Ahh, the artist’s image of what the finished project will look like ! Someday. Maybe. We hope.
For now the trees are smaller and the landscaping thinner and gate posts were “valued out”:
The housing cluster is cleverly arranged around a “grand allee”, a pedestrian spine that will be a busy pedestrian access route from off the grounds, from parking lots, or for smaller tykes zooming around on bikes. Here is another access sidewalk, taken from an apartment building common room patio:
I found these walkways attractive and likely to work in achieving a sense of community, a way to meet the neighbours. Well done.
Alas, there are also quite large parking lots. Residents parking adjacent to their homes will have much less interaction with their neighbours:
There is a rather empty grassy area out to the city sidewalk, although the pigeon-view impressions show a dense row of trees along the sidewalk:
above: an awful lot of the site is housing for cars rather than housing for people
Don’t tell T2, but they have community mail boxes ! Presumably the gravel strip is to be paved somehow, or else the boxes are not easily accessible:
The town houses were originally going to have curb side garbage pickup, but that got squashed somehow by the city, and a “secure, safe” garbage room had to be built, occupying precious site space, and deserving of its nickname “the waste chalet”.
As noted yesterday, the towns have some semi-private space near their front doors. No fences. I saw some pride of place by residents:
and I liked the elevated tap location :
The elevated mail box is curious. Some of my neighbours mount their mailboxes up high, so “kids” won’t steal the mail. I’m not sure kids know what snail mail is, and certainly 90% of it is junkmail. And isn’t it usually kids who are delivering the flyers and bird-cage-liner advertising “news” papers? How do they reach the mailbox?
I find it curious to note the periodic cycling through of private vs no private spaces in affordable housing. Public Housing in the 60’s had no fences and no private spaces at all, the theory being that being exposed enforced being neat. Soon the pendulum swung back the other way. Then dense housing projects, like on LeBreton Flats, or Springfield Rd, maximized the fenced space and minimized the common spaces. Fences were also retrofitted to 60’s projects.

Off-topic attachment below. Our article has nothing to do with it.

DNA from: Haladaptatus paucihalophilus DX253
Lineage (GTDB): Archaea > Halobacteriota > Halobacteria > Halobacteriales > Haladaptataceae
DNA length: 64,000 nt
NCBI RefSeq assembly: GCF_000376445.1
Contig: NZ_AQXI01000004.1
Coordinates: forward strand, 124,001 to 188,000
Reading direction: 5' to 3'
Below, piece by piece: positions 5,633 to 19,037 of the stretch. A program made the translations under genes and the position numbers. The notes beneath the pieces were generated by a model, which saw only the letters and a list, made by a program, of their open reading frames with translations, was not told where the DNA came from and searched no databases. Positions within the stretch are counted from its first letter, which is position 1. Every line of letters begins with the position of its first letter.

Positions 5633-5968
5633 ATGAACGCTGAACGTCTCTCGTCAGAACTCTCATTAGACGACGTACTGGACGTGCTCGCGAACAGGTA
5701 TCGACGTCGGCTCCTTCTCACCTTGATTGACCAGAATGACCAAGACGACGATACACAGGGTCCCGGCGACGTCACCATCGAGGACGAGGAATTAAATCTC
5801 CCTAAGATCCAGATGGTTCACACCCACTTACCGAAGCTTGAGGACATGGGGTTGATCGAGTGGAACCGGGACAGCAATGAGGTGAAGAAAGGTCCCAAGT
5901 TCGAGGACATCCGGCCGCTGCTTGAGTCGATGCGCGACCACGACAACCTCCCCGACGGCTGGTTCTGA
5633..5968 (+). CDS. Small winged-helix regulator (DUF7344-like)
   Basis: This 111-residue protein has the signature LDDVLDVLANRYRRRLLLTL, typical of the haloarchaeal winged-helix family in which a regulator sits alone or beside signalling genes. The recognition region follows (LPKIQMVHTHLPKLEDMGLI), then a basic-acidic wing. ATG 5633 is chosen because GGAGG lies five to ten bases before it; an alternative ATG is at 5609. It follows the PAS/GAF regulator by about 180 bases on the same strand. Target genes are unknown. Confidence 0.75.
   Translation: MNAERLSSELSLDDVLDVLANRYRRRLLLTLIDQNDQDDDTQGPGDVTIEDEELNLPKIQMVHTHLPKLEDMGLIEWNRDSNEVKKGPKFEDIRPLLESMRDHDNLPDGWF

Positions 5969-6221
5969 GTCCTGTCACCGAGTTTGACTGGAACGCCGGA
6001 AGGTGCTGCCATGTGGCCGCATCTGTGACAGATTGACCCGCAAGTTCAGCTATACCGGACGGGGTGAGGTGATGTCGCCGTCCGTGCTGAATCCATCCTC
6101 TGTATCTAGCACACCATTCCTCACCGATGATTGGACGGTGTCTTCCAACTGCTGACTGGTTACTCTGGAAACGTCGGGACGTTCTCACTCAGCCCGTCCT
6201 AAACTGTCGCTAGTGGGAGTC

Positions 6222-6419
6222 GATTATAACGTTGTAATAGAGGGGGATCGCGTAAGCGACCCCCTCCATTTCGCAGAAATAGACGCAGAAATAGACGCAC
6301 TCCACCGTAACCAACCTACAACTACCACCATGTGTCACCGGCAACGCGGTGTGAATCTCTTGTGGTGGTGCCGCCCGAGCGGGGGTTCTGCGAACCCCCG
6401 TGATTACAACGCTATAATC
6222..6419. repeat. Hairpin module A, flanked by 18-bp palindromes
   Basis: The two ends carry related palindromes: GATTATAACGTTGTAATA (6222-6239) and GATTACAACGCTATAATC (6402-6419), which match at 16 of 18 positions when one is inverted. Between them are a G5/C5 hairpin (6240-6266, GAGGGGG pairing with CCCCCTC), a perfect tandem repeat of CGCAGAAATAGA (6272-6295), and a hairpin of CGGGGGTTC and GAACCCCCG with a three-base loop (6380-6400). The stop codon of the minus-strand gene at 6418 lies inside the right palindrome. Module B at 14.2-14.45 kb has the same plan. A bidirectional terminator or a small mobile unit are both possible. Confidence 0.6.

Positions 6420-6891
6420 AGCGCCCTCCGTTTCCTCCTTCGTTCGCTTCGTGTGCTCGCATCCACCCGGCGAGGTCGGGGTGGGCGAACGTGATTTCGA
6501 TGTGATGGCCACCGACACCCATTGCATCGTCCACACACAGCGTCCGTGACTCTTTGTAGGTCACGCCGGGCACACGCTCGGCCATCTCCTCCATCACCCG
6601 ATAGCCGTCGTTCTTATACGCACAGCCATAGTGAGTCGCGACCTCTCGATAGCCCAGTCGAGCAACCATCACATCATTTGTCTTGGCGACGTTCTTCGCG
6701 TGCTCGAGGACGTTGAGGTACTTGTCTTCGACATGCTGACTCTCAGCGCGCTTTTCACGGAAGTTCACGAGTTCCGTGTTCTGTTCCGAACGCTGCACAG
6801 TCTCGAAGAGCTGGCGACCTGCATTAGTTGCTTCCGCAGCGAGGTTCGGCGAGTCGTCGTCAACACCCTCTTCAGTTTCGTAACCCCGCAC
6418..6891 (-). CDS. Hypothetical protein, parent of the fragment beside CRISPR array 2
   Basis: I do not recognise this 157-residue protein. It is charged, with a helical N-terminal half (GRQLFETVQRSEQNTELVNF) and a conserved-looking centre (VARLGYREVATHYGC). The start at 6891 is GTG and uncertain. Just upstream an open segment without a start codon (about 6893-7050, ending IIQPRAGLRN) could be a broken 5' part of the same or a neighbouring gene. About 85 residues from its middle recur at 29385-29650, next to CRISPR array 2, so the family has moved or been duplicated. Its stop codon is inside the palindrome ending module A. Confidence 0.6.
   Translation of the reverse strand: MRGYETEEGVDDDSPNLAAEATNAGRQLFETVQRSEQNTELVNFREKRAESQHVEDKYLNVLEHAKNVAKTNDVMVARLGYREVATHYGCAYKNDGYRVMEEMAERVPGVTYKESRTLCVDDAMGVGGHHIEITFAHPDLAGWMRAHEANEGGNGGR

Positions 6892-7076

I noticed that the more upscale the new urbanism new towns I visit in the USA (and much featured in earlier stories here) the more private areas there are, with generous common areas too. But new urbanism applied to lower incomes resulted in no private spaces at all, many common spaces that looked too large and too barren, resulting in an awful landscape to my eye. The Haven today lacks private outdoor spaces, everything is exposed, but how will it look in 5 years when plant material and trees (hopefully) grow?
Over at one of the apartment buildings, there is a ground floor entry (left) to the bike room; and garbage room (right).
I think the ground has been heaped up around the foundation to reduce the apparent height of the building, or maybe to save on exterior cladding materials, but it does result in ground floor apartments feeling a bit like they are basement apartments rather than ground floor apartments as seem to have been originally planned:
I note they did not try to make the ground floor floor units into a townhouse walk-out style, which is all the planning rage in more urban neighbourhoods. I am curious to know why this is so important in some developments and not important here.
The whole MHI site is non-smoking (anything) and smokers are exiled to the perimeter of the property. Where the grand allee joins an adjacent multi-user pathway, an entry piazza has become the de facto smoking lounge:
Apparently benches are on their way. After all, this becomes a prime meeting site as smokers are sociable folks, or perhaps commiserating folks. The wall could have been designed as a sitting wall. At least there is an ash tray. Last I heard, city LRT stations are to be No Smoking zones, and no ashtrays or butt catchers will be installed near them because … well, people simply won’t smoke, will they? The Haven is much more practical.
Throughout the site there are generous opportunities to watch the steady stream of airplanes overhead as we are due west of the main runway:
Next: inside the apartment building